Now, moving on to page 32, this is a European update, that we continue to drive the sales synergy for fiber cement exterior product, with fiber gypsum interior. This is about leveraging on the channel access, as well as the end-user access that we have through the Fermacell acquisition, which allow us, then, to be able to market and sell additional fiber cement products, based on the penetration that we have of fiber gypsum. And if you look on the right-hand side, this is the example where we have the residential as well as multi-family projects in the UK, and also in Switzerland, where these housings have the James Hardie fiber gypsum products as the interior liners, and the James Hardie fiber cement as the siding, exterior siding.

Opportunity in Europe for us continue to drive higher returns. It's about improving the manufacturing capability that we have in our five plants, and it is a continuous improvement that we expect to see as we drive more EBIT accretion as the quarter and the year goes on. And our objecting is to deliver the EBIT improvement quarter-on-quarter and year-on-year in Europe.

Now, if you look at page 33, this is the example of how our approach to growth above market in Australia, where it is a tough market right now, with a contracting housing market. Here's a key trend that's happening in Australia today: there's certainly a labor shortage, less space, and with smaller lot sizes, certainly, in Brisbane, Melbourne, Sydney, and lightweight construction is then favored. And those market trends really favor our fiber cement products.

And it is the opportunity for us to replace brick with our fiber cement products. And the example we see here on the left-hand side, those are the different types of homes made from bricks, and the right-hand side are really about the flexibility that the builders in Australia are going to build homes with different aesthetics, different configurations, using our fiber cement product line, and at the same time, improve the speed of construction, improve the lot -- the size of the home, and also improve the affordability within the slow-down markets.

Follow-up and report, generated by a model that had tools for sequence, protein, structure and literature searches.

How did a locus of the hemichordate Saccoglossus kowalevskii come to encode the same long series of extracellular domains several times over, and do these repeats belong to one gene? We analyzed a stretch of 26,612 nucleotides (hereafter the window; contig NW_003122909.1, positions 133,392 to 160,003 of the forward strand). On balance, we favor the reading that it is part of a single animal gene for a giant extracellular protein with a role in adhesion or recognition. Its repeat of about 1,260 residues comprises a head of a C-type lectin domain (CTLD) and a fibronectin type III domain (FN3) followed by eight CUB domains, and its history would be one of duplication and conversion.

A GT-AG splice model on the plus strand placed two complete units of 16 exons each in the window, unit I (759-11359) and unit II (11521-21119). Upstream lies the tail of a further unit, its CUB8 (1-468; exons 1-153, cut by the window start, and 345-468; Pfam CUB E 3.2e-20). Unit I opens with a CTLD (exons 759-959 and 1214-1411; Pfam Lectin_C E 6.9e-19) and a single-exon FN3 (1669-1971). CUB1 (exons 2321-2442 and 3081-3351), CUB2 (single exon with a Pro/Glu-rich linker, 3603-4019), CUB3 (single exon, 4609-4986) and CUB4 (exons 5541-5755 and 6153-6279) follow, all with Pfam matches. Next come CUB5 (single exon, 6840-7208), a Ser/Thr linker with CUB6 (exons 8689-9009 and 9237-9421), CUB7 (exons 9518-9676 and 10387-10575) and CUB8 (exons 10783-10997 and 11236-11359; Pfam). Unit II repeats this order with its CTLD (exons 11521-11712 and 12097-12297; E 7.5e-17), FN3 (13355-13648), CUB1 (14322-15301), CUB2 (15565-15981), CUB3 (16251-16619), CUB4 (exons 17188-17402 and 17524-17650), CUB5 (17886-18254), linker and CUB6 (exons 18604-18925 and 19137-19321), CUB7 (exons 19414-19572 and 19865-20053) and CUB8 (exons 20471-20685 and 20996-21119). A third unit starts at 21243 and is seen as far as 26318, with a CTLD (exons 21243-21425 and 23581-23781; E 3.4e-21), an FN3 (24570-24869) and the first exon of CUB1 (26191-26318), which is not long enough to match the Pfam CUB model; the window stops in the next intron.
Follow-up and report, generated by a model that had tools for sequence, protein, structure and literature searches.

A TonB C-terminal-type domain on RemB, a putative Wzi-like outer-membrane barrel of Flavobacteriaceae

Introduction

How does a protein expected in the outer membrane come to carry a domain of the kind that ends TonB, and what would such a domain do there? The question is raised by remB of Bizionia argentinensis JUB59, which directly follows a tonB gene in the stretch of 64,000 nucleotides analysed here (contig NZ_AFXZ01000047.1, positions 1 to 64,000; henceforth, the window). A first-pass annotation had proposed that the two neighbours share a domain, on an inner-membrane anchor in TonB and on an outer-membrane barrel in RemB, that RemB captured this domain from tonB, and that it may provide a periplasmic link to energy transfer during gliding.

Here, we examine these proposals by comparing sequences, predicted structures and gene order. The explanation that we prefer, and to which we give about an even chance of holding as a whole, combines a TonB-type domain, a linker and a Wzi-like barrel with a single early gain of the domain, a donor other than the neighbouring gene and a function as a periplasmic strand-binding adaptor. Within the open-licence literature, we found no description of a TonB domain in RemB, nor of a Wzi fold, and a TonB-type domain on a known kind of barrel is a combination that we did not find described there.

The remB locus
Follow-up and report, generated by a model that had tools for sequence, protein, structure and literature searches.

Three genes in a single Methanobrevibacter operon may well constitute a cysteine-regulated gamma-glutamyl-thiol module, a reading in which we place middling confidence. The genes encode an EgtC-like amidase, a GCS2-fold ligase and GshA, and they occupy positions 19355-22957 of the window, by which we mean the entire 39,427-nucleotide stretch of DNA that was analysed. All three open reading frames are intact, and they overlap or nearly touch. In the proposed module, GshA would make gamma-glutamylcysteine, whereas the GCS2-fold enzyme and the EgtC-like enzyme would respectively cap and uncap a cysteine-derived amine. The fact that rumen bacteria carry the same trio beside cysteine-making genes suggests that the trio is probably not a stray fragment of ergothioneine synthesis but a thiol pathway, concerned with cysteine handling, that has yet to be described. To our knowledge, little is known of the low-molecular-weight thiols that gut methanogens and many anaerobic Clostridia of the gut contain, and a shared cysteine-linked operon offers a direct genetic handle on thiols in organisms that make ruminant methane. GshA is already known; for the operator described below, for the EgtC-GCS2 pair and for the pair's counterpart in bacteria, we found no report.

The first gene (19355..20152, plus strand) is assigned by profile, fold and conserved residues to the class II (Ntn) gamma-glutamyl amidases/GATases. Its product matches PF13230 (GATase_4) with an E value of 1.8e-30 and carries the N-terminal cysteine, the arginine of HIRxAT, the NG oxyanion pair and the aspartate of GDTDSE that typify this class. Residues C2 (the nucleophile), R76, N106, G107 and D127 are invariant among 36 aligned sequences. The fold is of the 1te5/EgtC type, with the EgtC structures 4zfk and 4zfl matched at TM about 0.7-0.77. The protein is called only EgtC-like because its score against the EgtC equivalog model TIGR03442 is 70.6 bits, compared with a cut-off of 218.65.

With that, concludes my strategic plan update section, and we're open for Q&A.

Questions and Answers:

Operator

Ladies and gentlemen, we will now begin the question and answer session. If you wish to ask a question today, please press *1 on the telephone, and wait for your name to be announced. If you wish to cancel your request at any time, please press the # key.

Your first question today comes from the line of Peter Stein from Macquarie. Please go ahead.

Peter Stein -- Macquarrie Group -- Energy Trader

Good afternoon, Jack and Matt. Thanks very much for the time. Just was curious to get a little bit more flesh around the performance from a volume perspective in North America. Could you give us a bit of a sense of the fact of the difference to outcomes in the quarter, given what one's seen around the macro-environment? You know, is it regional performance or channel penetration, what's happened in interiors, and early impact on ColorPlus? Sorry, I'm giving you a few bullet points there, but I'm just curious on those perspectives.

Jack Truong -- Chief Executive Officer

Okay, well, good morning, Peter. So, let me address, first, the growth in exterior, and then we'll move into interior, and then we'll talk about the status of the color. So, with the exteriors, as we discussed during the past two conference calls, we are traditionally, and this is where Hardie's strength is all about creating demand in the marketplace with our end users, with the builders, with the contractor installers. And so, we have significantly increased the resource toward creating those demands, while at the same time, we have put a much bigger focus, in terms of manage our customers, the lumber yards and the dealers out there. And so, the execution of our team, from demand creation, connecting with our customers, that certainly helped increase our growth in the marketplace. And we also saw a lot of growth coming from our traditionally strong markets, which is the high-S. And we also saw very good growth in the low-S, particularly in the northeast and mid-Atlantic.

And now, moving on to the interior business. This is what we also have shared with you in the last conference call, that is that we have shifted our focus from being calling on a lot of different stores about retailers, to really put more focus on calling in with our key customers at the headquarters, and then be a lot more proactively manage the business with our key retailers, so we can plan out the right promotion placement. And also, at the same time, we start to launch the James Hardie HydroDefense interior boards, and that's continued to gain traction, that we are pleased with the progress of that.

And then, relative to our color programs, it is, right now, just the beginning of that launch, and we expect the momentum will build in the beginning of this quarter, and then will grow from here onward.

Peter Stein -- Macquarrie Group -- Energy Trader

Thanks very much for that, Jack. And then, perhaps also a quick one around cash flows met. Could you talk to us to your expectations for CAPEX for the full year? And also, just wanted to touch on your working capital performance, which was pretty good. What should one think about in terms of progression around working capital, as the year progresses?

Matt Marsh -- Executive Vice President and Chief Financial Officer